Clubbing in Tel Aviv

Tel Aviv night life
Tel Aviv night life

The Tel Aviv club scene is comparable to those in most European capitals. Top international (and local) DJs regularly perform in Tel Aviv, with clubs constantly vying to outdo each other with ever more extravagant parties. Be aware, Clubbing in Tel Aviv is popular, busy and exciting. Click here for maps of Tel Aviv.

Tel Aviv night life
Tel Aviv night life

The biggest and newest club (mimicking New York’s Roxy) in the city is Haoman 17 (Florentin quarter) (map), website, telephone: 972-.

Other fantastic clubs are TLV, Dome (gay; Offer Nissim is the resident DJ), Vox, Powder and the “indie” Cafe Barzilay (Ahad Ha’Am St 6, Tel Aviv-Yafo, map) and Studio 46.

Tel Aviv night life
Tel Aviv night life

Rock clubs, include Barbie Club, in Kibutz Galuyot St, or the Zappa Club, in the northeastern neighborhood of Ramat haChayal (map) among others, host concerts almost every night of the week.

Billiards (pool) clubs, include Gypsy on Kikar Atarim (Atarim plaza) in Hayarkon St.

Tel Aviv night life
Tel Aviv night life

Dance clubs

  • Block Club, 157 Shlomo (Salame) St, +972 3 5378002. Usually open Thur and Fri nights and featuring big name international DJs weekly.
Tel Aviv night life
Tel Aviv night life

Salsa clubs

  • Hazira Club, 45 Itzhak Sadeh St, +972 3 5623456 (Tue, Thur, and Sat, classes start at 9:15PM and party starts at 10:30PM, on Mon about 50% line dancing 30% ballroom dancing, 20% salsa).
  • Bailatino Club, 29 Karlibach St, (entry is a little difficult to find – its on the other side of the building) +972 3 6240186 (Su,Tu,W, classes start at 9:15PM and party starts at 10:30PM, Fridays no classes and starts at 12:30AM). Entry is ₪40 in both places and each day has a different style of Salsa music. There are other dance clubs with Latin/Brazilian music once a week.
  • Galina Club. Saturday afternoon and the local club scene is buzzing. 6pm the doors will open. Outside deck is huge and located in front of the sea. Inside the DJ is blowing the roof in pure Galina style. The queue is long so best come early on the weekends. Prices are not cheap.
    Tel Aviv night life
    Tel Aviv night life

    http://www.youtube.com/watch?v=-k65GaptVLg

The Dramatic Story of the Battle of Masada

For two years 1,000 Jewish men, women and children were able to hold off the Roman army of 15,000 soldiers in Masada. The Romans were forced to built a huge sloping siege ramp to move battering rams up to the walls to subdue the defenders. At the end, they were able to breach the walls of the defenders by sheer weight of numbers. This is the story of the defenders and attackers of Masada. Click here to see the maps of Masada.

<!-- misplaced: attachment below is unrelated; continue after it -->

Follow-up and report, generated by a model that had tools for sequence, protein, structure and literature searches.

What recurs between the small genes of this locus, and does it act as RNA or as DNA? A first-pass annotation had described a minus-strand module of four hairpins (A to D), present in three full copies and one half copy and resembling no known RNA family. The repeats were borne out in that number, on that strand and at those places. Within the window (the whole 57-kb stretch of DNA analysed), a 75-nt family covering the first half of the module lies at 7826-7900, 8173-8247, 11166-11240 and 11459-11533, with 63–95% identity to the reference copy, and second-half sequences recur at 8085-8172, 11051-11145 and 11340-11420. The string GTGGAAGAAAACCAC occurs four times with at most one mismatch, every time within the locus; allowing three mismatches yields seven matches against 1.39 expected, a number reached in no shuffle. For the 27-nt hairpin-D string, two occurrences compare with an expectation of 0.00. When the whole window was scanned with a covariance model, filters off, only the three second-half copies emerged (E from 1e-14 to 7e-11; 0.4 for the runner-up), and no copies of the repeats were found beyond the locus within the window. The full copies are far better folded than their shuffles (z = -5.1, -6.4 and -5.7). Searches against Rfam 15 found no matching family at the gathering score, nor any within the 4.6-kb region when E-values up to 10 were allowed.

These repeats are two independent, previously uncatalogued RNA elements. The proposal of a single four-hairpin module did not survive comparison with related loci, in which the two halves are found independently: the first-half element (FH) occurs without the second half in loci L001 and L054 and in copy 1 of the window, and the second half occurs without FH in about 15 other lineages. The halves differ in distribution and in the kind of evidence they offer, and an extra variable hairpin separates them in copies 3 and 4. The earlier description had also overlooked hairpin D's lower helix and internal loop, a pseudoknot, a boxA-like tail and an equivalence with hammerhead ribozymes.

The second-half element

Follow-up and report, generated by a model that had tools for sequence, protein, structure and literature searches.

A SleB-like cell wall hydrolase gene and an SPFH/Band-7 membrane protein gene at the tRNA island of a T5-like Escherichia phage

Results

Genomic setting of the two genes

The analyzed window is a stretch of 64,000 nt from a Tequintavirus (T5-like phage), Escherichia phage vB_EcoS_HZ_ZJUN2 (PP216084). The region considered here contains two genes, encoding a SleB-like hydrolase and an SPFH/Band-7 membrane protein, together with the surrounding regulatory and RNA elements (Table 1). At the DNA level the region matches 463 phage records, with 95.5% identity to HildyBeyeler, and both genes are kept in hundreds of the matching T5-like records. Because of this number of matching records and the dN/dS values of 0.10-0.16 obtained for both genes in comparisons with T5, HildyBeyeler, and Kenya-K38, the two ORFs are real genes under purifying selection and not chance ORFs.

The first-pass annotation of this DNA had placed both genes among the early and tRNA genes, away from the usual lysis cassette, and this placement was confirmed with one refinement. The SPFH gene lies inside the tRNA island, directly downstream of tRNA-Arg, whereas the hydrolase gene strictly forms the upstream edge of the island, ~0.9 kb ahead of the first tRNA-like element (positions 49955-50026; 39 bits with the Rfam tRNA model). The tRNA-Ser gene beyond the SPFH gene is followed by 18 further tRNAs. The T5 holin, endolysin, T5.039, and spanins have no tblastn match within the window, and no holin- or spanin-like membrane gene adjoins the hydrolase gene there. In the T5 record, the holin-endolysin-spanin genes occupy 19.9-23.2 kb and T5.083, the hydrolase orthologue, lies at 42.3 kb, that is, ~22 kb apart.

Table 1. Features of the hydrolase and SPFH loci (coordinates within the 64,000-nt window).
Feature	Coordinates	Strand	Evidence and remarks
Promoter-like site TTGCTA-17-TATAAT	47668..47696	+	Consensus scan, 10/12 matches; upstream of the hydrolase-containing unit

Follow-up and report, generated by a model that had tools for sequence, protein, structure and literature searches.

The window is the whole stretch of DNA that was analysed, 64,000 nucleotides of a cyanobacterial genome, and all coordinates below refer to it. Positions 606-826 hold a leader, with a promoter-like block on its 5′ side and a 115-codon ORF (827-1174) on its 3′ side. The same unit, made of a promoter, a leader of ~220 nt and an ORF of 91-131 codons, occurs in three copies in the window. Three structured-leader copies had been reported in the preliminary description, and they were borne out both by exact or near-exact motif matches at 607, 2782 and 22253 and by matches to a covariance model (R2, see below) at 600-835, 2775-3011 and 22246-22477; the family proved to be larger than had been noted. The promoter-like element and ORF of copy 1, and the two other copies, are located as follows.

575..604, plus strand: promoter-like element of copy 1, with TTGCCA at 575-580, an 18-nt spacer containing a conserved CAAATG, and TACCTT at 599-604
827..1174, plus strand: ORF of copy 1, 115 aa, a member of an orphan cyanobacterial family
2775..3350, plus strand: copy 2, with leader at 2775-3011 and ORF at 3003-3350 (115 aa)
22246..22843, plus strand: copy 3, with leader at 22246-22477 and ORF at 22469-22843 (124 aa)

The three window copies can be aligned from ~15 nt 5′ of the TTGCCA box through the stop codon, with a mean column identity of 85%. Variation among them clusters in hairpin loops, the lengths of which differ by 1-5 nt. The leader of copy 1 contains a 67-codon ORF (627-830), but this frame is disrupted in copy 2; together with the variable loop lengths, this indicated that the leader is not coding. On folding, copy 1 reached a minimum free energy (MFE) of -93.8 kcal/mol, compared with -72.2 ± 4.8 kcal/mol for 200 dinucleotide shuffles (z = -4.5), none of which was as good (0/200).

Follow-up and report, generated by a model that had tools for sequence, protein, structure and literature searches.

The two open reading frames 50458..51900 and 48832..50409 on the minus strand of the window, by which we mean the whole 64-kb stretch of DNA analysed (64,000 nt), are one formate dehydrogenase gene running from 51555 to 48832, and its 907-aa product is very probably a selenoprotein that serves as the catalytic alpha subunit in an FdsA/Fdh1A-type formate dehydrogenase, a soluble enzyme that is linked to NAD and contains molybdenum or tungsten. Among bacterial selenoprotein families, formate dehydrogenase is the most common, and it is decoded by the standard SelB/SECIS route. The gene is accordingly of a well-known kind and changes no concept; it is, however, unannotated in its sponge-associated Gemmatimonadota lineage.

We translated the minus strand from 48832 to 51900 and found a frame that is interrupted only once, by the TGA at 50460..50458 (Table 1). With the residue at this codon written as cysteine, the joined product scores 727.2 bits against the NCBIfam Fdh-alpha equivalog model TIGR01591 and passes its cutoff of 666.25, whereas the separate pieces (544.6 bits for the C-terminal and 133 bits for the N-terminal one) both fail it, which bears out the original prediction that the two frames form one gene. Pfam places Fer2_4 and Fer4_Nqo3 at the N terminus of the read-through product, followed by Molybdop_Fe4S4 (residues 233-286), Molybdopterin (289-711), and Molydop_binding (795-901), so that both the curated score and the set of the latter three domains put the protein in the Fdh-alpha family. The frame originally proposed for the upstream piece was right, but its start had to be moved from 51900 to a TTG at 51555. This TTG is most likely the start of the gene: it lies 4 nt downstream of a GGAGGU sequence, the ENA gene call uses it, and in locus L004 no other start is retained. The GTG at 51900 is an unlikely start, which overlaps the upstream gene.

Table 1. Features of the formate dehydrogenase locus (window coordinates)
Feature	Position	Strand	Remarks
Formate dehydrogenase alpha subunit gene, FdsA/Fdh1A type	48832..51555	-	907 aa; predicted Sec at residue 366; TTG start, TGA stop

Plateau on which stood the Masada stronghold, with the Roman base camp and siege ramp below
Plateau on which stood the Masada stronghold, with the Roman base camp and siege ramp below

The Romans began the siege in 72AD, building camps around the foot of the mountain, and another on the heights overlooking it. They slowly constructed a dike to take the soldiers and their siege engines up to the ramparts of the fortress.

The slope was mainly build by soldiers and slaves under threat of their lives; many died there. Later, the siege machines needed to be pushed upward the slope and that was a very slow, deadly process.

Thousands of slingshots (rounded balls of stone the size of grapefruit) were collected from the surroundings of Masada, to be transferred to the Roman base camp. The Romans fired the slingshots with their siege engines towards Masada. The defenders of Masada collected the slingshots and hurtled it back to the attackers, especially those who were pushing the huge siege engines up the slope.

Each day the artillery barrages became more deadly and caused damage to the walls of Masada, especially after one and half years of the siege. During the siege, Romans received their food and water from carriers.